What the Indian Prime Minister told reporters was exactly what Pervez Musharraf had claimed repeatedly since the spring of 2007, which attracted much media attention across the world. He did not get ample coverage in India. Why? A riddle.
What, according to Musharraf, was the agreement reached between Islamabad and New Delhi? Musharraf told reporters everywhere that, “I came out with a broad outline” which included “gradual demilitarization of the Line of Control and Kashmiri cities; maximum self-governance on both sides of the Line of Control; a joint governing mechanism for Kashmir, to include Pakistanis, Indians, and local Kashmiri leaders; and, most important, a porous Line of Control… I wanted to make the Line of Control irrelevant, to open it on six to eight places and let trade flourish… That way Pakistan could say the line was finished and India could say it still existed…”
Musharraf told media persons everywhere that, “he hoped to implement this framework ‘for 15 years’. And then (both sides could) revisit it and see how to move forward…The Line of Control would become almost irrelevant after 15 years… We (Musharraf and Manmohan Singh) were close… I only wish the two governments would start again. The leaders needed to be open-minded and bold… I thought we had to have peace for the sake of the entire region and for India and Pakistan… We could reap a lot of economic advantages… (I) authorized secret ‘back channel’ talks by special envoys in hotel rooms in Bangkok, Dubai and London from 2004 to 2007. The talks got little attention in the US media until a detailed article by South Asia expert Steve Coll in the New Yorker in March 2009… The envoys worked on a framework for resolving three major boundary disputes. The first two – over the 20,000-foot Siachen glacier and the Sir Creek waterway between India and Pakistan – could be solved tomorrow… As for Kashmir, (he) devised a compromise for a seemingly intractable problem…” The compromise was what our Prime Minister and Pervez Musharraf hinted at in May 2005 and 2007, respectively, and what Jaswant Singh and Sartaj Aziz had worked out at Colombo in March 1999.
Three, on April 24, 2010 Khurshid Mahmud Kasuri, who was Pakistan’s Foreign Minister between 2002 and 2007, told The Times of India in Lahore that “had not the anti-Musharraf upsurge triggered by the sacking of the chief justice convulsed Pakistan,” the “deal that was cobbled together through secret parleys held in India, Pakistan and several foreign capitals for more than three years,” would have been given as effect to – a deal that “could have resolved the sub-continent’s thorniest security and political dispute.” Kasuri also said, “he has never spoken of this Track-II success earlier, other than saying that he knew of a possible way to resolve the Kashmir problem that was acceptable to both countries.”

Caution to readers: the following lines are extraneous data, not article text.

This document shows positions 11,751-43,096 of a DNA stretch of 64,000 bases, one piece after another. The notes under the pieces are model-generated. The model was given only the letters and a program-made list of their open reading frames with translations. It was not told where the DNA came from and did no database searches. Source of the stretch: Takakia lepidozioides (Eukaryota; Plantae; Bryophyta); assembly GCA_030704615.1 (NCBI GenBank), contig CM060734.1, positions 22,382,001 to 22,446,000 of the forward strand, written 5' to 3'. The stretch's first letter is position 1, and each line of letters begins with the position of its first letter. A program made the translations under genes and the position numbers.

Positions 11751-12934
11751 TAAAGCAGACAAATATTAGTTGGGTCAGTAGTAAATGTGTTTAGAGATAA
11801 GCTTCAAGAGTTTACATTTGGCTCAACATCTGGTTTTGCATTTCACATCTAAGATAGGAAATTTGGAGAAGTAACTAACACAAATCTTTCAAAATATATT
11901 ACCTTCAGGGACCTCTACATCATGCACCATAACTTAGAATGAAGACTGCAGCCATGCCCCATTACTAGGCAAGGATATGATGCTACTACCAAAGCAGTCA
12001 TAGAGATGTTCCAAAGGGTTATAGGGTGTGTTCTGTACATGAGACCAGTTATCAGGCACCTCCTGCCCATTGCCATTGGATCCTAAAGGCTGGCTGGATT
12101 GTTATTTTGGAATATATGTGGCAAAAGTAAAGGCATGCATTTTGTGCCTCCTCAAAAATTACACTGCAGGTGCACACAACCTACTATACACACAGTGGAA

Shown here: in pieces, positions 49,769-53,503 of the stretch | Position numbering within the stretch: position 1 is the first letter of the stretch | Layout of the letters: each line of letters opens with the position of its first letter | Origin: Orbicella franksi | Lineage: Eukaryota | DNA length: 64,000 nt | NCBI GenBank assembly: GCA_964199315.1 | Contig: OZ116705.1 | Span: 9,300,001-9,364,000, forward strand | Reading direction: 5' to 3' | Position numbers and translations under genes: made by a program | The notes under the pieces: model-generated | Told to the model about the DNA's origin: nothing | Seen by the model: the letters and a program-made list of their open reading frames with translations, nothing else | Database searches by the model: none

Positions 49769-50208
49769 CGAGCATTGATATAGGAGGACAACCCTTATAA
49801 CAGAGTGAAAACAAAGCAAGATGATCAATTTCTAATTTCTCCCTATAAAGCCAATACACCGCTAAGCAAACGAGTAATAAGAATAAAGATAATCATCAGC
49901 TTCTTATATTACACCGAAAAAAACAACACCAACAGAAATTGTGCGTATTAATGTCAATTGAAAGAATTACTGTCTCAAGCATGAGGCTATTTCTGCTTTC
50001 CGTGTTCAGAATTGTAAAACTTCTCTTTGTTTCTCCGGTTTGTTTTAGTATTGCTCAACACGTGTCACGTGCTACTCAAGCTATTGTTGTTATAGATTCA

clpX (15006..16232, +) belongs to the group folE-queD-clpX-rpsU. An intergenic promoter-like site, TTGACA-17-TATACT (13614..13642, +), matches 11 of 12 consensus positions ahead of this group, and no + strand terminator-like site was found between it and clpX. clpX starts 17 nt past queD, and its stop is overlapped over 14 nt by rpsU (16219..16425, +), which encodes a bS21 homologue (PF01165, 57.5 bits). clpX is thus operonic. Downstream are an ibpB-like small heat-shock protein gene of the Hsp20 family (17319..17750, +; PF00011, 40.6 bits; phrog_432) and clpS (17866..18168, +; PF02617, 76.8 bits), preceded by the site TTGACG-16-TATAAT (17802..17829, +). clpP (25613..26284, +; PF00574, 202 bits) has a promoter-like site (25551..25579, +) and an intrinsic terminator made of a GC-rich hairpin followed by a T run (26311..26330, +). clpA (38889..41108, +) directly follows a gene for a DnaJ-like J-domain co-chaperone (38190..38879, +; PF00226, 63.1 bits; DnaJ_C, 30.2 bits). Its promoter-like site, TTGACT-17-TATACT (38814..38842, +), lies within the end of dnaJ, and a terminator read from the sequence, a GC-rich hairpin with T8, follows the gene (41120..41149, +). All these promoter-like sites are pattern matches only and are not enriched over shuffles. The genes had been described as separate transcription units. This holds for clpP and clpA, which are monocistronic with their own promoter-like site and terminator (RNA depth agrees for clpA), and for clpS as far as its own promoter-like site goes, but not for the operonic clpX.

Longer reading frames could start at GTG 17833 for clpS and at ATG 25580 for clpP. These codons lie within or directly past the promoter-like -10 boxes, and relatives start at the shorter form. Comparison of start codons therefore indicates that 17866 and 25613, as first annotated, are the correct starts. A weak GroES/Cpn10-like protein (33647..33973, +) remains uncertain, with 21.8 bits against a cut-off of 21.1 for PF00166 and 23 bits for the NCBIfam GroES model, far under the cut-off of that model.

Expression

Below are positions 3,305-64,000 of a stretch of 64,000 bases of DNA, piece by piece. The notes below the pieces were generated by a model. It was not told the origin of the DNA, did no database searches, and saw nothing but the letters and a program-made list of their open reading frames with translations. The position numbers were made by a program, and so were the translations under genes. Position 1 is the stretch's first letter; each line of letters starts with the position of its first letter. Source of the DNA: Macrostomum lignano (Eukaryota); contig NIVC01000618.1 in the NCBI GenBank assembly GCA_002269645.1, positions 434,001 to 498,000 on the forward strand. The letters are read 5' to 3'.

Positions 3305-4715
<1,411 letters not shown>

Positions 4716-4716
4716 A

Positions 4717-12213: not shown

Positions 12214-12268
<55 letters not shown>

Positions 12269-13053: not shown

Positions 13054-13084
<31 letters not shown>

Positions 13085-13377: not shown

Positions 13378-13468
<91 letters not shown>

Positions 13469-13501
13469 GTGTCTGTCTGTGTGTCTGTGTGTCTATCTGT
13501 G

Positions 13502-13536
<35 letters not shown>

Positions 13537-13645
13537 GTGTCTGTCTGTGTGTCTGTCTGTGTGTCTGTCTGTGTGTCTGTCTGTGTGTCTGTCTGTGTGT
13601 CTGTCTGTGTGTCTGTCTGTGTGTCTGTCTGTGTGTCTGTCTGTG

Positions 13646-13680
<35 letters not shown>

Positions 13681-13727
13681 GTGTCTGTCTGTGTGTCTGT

What exactly did Kasuri reveal regarding the solution worked out by India and Pakistan? According to The Times of India, he said: “Negotiators from Islamabad and New Delhi had quietly toiled away for three years, talking to each other and Kashmiri representatives from the Indian side as well as Kashmiris settled overseas to reach the only possible solution to the Kashmir issue.” He said the “two sides had agreed to full demilitarization of both Jammu & Kashmir as well as Pakistan-occupied Kashmir, which Islamabad refers to as Azad Kashmir. In addition, a package of loose autonomy that stopped short of the ‘azadi’ and self-governance aspirations had been agreed on and was to be introduced on both sides of the disputed frontier. We agreed on a point between complete independence and autonomy.”
Kasuri did not stop here, but added, “both countries, realizing the sensitivity of such a deal, had agreed not to declare victory or tom-tom the negotiations.” The “hardliner separatist Syed Ali Shah Gilani was the only Kashmiri leader who refused to come on board. He would accept nothing but merger with Pakistan, which ironically is something we too wanted but knew wasn’t practical. I once had a seven-to-eight hour meeting with him and even Musharraf met him, but he refused to budge…”
As per Kasuri, “almost all the actors on the Kashmiri stage were on board the accord that was to be signed during a visit by Prime Minister Manmohan Singh to Islamabad that was scheduled for February-March 2007, but never happened.”
Kasuri further disclosed: “I advised the president that inviting the PM (Manmohan Singh) at that time would not have been possible. And that we should wait for a more peaceful moment to announce the plan, otherwise all the hard work of three years by the two sides would be wasted… Since the Opposition was on a roll against Musharraf at that time, any peace plan would have been rejected by them as a sell-out to India.”
Four, on more than one occasion, the All-Party Hurriyat Conference–Mirwaiz (APHC-M) chairman Mirwaiz Umar Farooq has also admitted that a solution to the Kashmir issue had been worked out. In fact, he is one of those Kashmiri separatists who has consistently hailed the four-point Kashmir formula suggested by Musharraf, saying it appears to be the only feasible solution considering the situation as it prevails in India and Pakistan.
Five, A.G. Noorani, mouthpiece of Islamabad and Kashmiri separatists, has been hinting at this type of solution since 2007. He has written a number of essays on the Musharraf formula and repeatedly urged the Indian establishment to accept and implement it forthwith, saying such a gesture on New Delhi’s part would end the 63-year-old impasse between the two countries and also satisfy the Kashmiri Muslims.